Melting and flow from surrounding areas can be minimised, and preferably avoided, by using a blended polymeric composition having high thermal conductivity, local heat thus being dissipated, or by using a polymeric composition having very low thermal conductivity, substantially no heat being transferred from the area struck by the beam to the surrounding zone. Rigidity can also be maintained by providing fibrous reinforcement in the polymeric composition the fibrous reinforcement thus preventing flow of the polymer and holding it in the substantially rigid state even though the polymeric component of the composition may be temporarily above its softening or melting point.
In general the melt flow index of polymer blend compositions for use in the invention should be from 1 to 12, preferably 1 to 5, especially 1 to 3.
The polymeric composition preferably is a composition having a sharp melting point. The composition preferably consists of one or more polymers and optionally various fillers and reinforcements. The polymer blend preferably changes from a substantially rigid state to a molten state within a temperature range of 30° C. or less, preferably 10° C. or less, e.g. 0.2° to 5° C. Preferably the melting point is below 250° C., preferably 130° to 180° C.
Additives may be included in the polymeric composition in order to increase the absorption of the composition so that a composition which would otherwise not absorb sufficient energy to be volatilised by a particular laser beam can be volatilised by that beam. For instance the polymeric composition may consist of the polymer blend and carbon black that will have the effect of making the composition absorb the intended radiation. For instance we have found that a polymeric composition comprising a polymer blend that can easily be engraved by a carbondioxide laser may, for good engraving with a YAC laser, require the incorporation of carbon black into the polymeric material in order to increase the absorption at the wavelength of the YAC laser. Instead of using carbon black certain other organic and inorganic pigments may be used, for example based on titanium dioxide. The amount of carbon black or other pigment is generally 0.5 to 10% by weight of the polymer composition, preferably 1 to 5%.
When the layer is to be built-up by a powder coating technique it is preferred that the powdered composition includes one or more flowing agents, so as to permit a layer of adequate thickness being formed without developing pin holes or orange peel effects or worse physical defects. Suitable flowing agents include waxes, soaps and alkyl metal salts.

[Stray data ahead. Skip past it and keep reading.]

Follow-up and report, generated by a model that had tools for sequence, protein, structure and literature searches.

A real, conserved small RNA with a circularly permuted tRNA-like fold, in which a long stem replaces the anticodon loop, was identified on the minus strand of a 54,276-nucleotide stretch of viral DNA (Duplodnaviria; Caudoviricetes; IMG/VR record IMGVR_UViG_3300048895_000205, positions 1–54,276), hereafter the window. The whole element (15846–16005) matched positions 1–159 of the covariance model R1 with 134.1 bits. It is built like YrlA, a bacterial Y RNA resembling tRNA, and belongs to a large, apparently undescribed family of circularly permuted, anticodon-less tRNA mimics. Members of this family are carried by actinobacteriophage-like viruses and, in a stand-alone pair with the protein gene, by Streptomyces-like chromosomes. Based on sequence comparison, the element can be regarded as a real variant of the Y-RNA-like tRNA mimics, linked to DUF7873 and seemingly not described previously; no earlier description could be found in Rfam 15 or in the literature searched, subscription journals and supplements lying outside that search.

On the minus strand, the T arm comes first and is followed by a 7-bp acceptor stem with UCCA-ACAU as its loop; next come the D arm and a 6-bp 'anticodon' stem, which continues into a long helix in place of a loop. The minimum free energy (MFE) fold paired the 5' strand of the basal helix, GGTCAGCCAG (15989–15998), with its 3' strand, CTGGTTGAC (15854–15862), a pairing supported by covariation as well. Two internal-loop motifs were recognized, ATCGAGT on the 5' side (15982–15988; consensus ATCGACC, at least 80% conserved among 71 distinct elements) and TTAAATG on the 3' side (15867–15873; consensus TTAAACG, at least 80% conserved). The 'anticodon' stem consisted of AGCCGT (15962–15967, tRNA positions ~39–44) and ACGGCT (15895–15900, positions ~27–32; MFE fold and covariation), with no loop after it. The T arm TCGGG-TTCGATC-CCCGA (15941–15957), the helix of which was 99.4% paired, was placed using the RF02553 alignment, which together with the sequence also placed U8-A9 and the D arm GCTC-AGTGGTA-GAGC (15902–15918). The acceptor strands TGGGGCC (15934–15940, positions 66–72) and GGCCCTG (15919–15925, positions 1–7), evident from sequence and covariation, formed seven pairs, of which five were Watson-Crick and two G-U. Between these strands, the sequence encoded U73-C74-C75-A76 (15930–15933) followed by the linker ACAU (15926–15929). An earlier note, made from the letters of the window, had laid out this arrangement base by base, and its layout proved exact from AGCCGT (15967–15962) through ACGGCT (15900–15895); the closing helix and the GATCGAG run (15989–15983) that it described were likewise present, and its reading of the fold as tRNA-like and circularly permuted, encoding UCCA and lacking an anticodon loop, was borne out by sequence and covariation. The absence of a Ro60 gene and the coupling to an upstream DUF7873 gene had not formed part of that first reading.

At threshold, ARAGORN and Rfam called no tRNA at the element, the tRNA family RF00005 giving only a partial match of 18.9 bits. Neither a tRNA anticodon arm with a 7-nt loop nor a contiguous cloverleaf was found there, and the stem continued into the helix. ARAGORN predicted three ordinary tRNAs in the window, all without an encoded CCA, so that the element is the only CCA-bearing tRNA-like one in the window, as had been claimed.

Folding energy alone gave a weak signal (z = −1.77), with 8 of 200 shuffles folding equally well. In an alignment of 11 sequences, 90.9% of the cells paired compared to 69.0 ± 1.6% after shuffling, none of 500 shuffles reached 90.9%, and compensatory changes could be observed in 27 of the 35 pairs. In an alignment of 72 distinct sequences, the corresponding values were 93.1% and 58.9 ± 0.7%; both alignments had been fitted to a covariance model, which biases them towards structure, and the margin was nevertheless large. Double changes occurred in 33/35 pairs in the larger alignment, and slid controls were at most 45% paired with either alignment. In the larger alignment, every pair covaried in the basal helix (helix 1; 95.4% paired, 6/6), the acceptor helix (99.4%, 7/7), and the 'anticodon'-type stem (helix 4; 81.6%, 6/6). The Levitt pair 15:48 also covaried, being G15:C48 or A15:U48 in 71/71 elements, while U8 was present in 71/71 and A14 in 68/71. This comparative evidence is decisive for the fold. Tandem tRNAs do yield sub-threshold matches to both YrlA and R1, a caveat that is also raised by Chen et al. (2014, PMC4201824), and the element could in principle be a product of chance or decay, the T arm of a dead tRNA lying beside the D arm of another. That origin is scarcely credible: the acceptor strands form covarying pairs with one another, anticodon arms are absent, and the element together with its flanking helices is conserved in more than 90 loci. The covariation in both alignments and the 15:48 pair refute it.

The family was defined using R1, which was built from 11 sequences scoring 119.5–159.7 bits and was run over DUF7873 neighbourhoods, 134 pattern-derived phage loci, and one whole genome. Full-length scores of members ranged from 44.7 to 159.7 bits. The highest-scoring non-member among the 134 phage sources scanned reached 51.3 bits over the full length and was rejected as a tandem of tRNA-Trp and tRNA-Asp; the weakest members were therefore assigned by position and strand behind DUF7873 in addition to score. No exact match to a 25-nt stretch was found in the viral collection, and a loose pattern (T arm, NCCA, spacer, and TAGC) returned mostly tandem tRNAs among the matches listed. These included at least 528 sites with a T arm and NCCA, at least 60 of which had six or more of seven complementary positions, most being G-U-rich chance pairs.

We find that in some instances, especially when the coating was deposited by a powder coating technique, that after engraving with consequential evaporation of the polymeric material in the engraved area there is a tendency for unwanted material to deposit around the top edge, and sometimes along the side, of the engraved area. However this material can very easily be removed and so before printing it preferably is removed by contact with organic solvent or, more preferably, a chemical etch which may be alkaline but is preferably acidic. A suitable organic solvent is methylene chloride but since the treatment can be very mild it is preferred for the methylene chloride to be present as an emulsion. Suitable acids are organic acids and inorganic acids such as phosphoric, sulphuric and chromic acid. The acids are generally concentrated. The treatment temperature is generally between 15° and 70° C. and the duration will generally be at least 30 seconds.
The treatment may be solely for the purpose of removing the flow agent or other easily removable material in which event short treatment times, e.g. up to 3 or 5 minutes and/or low temperature and/or low concentrations are preferred. Suitable removal composition comprises chromic acid, for instance in concentrations below 35%, preferably 15 to 20% optionally with a small amount of sulphuric acid, e.g. below 5% and often below 1% and optionally with a surfactant and this composition may be applied for half to 5 minutes at temperatures of 30° to 70° C. After the treatment the surface may be rinsed with water and then dried.
It is often desirable to metal plate the engraved surface and to promote adhesion of the metal plating to the plastics surface it is desirable to etch the entire surface. It may sometimes be possible to conduct this etching merely by continuation of the treatment used for removal of the flowing agent, especially if that treatment uses a concentrated mixture of chromic acid and sulphuric acid for a short duration, but preferably the engraved surface is first treated to remove the flow agent and is then treated with a stronger removal composition. Suitable removal compositions for etching the entire surface are solutions containing concentrated chromic acid and sulphuric acid, for instance containing 30 to 50% chromic acid and 15 to 30% sulphuric acid, optionally with a surfactant. Such compositions may be applied at a low temperature and/or for a short duration to remove the flowing agent only or, for overall etching, may be applied at temperatures of 40° to 70° C. for periods of 3 to 20, preferably 7 to 15 minutes.